Heals on Wheels: Pandemic takes Central City's Brewco into building mobile medical units | Features | messenger-inquirer.com

2022-06-15 11:16:53 By : Mr. Jennifer Chen

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An EMS team works to assemble the Owensboro Health Muhlenberg Community Hospital and Muhlenberg County Health Department Mobile Medical Trailer for the Rural Health Clinic at the Muhlenberg County Senior Center Health Fair last week. The trailer was fabricated by Brewco Marketing Company in January for community health purposes.

The 29-foot mobile medical unit for Owensboro Health Muhlenberg Community Hospital and the Muhlenberg County Health Department was constructed for $126,360 by Brewco.

An EMS team works to assemble the Owensboro Health Muhlenberg Community Hospital and Muhlenberg County Health Department Mobile Medical Trailer for the Rural Health Clinic at the Muhlenberg County Senior Center Health Fair last week. The trailer was fabricated by Brewco Marketing Company in January for community health purposes.

The 29-foot mobile medical unit for Owensboro Health Muhlenberg Community Hospital and the Muhlenberg County Health Department was constructed for $126,360 by Brewco.

Brewco Marketing Group, based out of Central City, has gone from building race cars to now fabricating mobile medical units.

Over the course of 25 years, the company has adapted itself and the pandemic proved to be another transitioning point to filling a nationwide need in health care.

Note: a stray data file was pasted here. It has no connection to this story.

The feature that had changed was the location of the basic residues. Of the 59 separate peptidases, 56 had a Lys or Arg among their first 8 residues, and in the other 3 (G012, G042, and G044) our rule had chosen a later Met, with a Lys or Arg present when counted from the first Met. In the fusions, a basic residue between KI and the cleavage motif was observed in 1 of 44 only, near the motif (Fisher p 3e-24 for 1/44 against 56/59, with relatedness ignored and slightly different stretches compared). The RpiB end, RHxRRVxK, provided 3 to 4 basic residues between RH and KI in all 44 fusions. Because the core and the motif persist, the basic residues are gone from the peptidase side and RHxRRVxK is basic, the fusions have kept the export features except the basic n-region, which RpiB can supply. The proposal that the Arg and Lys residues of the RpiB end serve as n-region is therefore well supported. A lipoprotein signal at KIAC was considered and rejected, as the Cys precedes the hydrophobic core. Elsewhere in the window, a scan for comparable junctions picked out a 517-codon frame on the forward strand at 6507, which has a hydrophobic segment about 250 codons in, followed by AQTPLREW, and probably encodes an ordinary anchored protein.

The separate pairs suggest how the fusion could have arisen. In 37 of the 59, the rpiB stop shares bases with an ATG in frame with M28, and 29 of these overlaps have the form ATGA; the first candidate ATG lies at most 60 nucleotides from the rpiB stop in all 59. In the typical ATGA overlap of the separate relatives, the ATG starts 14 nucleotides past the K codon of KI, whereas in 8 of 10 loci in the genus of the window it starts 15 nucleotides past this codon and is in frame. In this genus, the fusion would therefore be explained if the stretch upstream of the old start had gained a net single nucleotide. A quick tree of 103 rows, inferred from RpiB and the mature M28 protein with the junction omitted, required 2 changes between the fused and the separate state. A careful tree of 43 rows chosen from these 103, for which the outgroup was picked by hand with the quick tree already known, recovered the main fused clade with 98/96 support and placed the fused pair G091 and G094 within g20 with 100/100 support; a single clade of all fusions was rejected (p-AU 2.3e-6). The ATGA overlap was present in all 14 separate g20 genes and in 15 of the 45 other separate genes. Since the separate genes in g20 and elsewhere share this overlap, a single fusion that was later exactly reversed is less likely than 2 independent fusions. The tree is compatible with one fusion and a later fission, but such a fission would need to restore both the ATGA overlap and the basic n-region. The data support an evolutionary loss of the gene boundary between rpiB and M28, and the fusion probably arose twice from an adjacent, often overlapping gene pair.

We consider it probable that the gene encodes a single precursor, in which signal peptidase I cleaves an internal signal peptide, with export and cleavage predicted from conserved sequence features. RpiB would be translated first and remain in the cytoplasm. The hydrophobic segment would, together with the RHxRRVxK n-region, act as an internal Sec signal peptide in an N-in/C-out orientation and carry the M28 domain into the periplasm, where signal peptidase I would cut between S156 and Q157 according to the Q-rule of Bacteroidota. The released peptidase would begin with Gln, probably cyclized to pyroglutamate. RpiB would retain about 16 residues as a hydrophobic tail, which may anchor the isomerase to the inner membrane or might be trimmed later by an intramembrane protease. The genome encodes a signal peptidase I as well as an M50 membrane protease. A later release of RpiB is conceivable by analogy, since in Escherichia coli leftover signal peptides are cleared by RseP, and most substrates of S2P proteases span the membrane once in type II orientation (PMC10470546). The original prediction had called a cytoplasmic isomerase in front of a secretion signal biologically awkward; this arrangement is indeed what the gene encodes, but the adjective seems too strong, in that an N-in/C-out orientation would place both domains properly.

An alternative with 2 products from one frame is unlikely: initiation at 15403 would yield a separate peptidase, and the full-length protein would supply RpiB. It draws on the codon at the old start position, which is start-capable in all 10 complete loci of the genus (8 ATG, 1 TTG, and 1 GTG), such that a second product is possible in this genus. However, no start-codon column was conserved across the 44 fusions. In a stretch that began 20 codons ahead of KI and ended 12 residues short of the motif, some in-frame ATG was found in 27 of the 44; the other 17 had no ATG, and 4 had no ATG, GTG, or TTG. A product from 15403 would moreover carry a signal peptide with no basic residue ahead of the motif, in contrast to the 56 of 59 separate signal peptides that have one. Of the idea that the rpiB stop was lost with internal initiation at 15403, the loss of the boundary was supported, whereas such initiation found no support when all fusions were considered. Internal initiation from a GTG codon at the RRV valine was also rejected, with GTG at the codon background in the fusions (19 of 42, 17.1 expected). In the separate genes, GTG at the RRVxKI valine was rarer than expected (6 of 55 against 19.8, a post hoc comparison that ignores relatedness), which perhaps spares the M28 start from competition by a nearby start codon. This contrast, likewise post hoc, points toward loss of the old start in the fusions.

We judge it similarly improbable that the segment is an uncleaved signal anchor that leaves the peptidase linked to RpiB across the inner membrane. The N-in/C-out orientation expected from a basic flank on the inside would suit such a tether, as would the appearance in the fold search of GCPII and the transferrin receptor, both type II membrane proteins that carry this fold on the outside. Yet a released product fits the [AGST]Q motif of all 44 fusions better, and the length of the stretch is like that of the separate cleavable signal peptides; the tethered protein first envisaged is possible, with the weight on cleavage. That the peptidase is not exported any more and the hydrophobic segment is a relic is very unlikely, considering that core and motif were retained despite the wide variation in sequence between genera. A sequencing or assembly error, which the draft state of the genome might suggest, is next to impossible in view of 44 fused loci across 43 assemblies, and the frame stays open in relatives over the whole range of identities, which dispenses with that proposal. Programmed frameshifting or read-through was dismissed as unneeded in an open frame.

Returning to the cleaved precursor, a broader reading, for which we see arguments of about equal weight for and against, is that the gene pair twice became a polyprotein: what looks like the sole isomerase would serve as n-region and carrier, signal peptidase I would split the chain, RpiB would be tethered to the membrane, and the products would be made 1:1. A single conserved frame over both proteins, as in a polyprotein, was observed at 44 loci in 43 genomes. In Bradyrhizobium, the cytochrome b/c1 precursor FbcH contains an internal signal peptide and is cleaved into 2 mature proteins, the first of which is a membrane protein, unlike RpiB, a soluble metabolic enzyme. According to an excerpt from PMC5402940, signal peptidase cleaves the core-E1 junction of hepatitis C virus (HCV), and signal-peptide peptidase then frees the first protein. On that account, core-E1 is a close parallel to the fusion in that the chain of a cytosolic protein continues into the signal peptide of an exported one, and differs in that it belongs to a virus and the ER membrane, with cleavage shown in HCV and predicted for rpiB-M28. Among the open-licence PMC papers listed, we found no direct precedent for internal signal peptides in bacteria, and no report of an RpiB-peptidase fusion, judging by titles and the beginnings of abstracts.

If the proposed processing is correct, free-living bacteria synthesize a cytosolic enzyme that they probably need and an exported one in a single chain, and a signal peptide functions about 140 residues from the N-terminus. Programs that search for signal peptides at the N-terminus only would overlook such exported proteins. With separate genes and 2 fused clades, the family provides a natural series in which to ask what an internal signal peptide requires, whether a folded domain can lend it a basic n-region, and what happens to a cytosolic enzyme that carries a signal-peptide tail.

Caitlin Adams, Brewco Marketing Group's director of public relations, said the company is working to impact the health care of communities nationwide by providing mobile medical trailers to health care systems.

It also continues to provide mobile marketing for companies nationwide such as McDonald’s and works with other businesses in a similar capacity for product sampling.

That part of the business includes trailers for staging, retail pop-ups, mobile training, mobile offices and mobile command centers and has a presence at many major events throughout the country, from music festivals to the Super Bowl.

“We’ve worked with a lot of great companies to bring experiences on the road for them and so it was a natural segue to also do mobile medical,” Adams said.

Originally founded as Brewco Motorsports in the late 1990s and early 2000s, Brewco Motorsports was a racing team that competed in the NASCAR Busch Series, winning 10 races throughout 13 seasons in the Busch Series, and entered a single NASCAR Nextel Cup Series race in 2004.

The marketing part of the business grew out of a need to gain more name recognition for the team, though eventually, it would transition into the Brewco Marketing Group with a focus on providing marketing and trailer needs for its clients.

The recent transition to providing medical trailers, Adams said, came as a result of COVID-19 as the company recognized the need for expanded medical services and the need for health care entities to become more accessible to their communities, especially rural ones.

"When the pandemic happened, and the experiential marketing industry came to a standstill, we knew we had to drastically pivot," said Brewco Marketing Group President Shane Kennedy. "As a result, we found medical opportunities, established Brewco Health, and utilized our team’s capabilities to deliver mobile health solutions when communities needed them the most."

Mobile medical trailers, according to Adams, not only allow health care systems to bring its services to patients, but it also better enables health care entities to respond on-site to medical emergencies brought on by disasters, provide on-site screenings and testing, and even expand inpatient capacities and intensive care unit bed space, if necessary.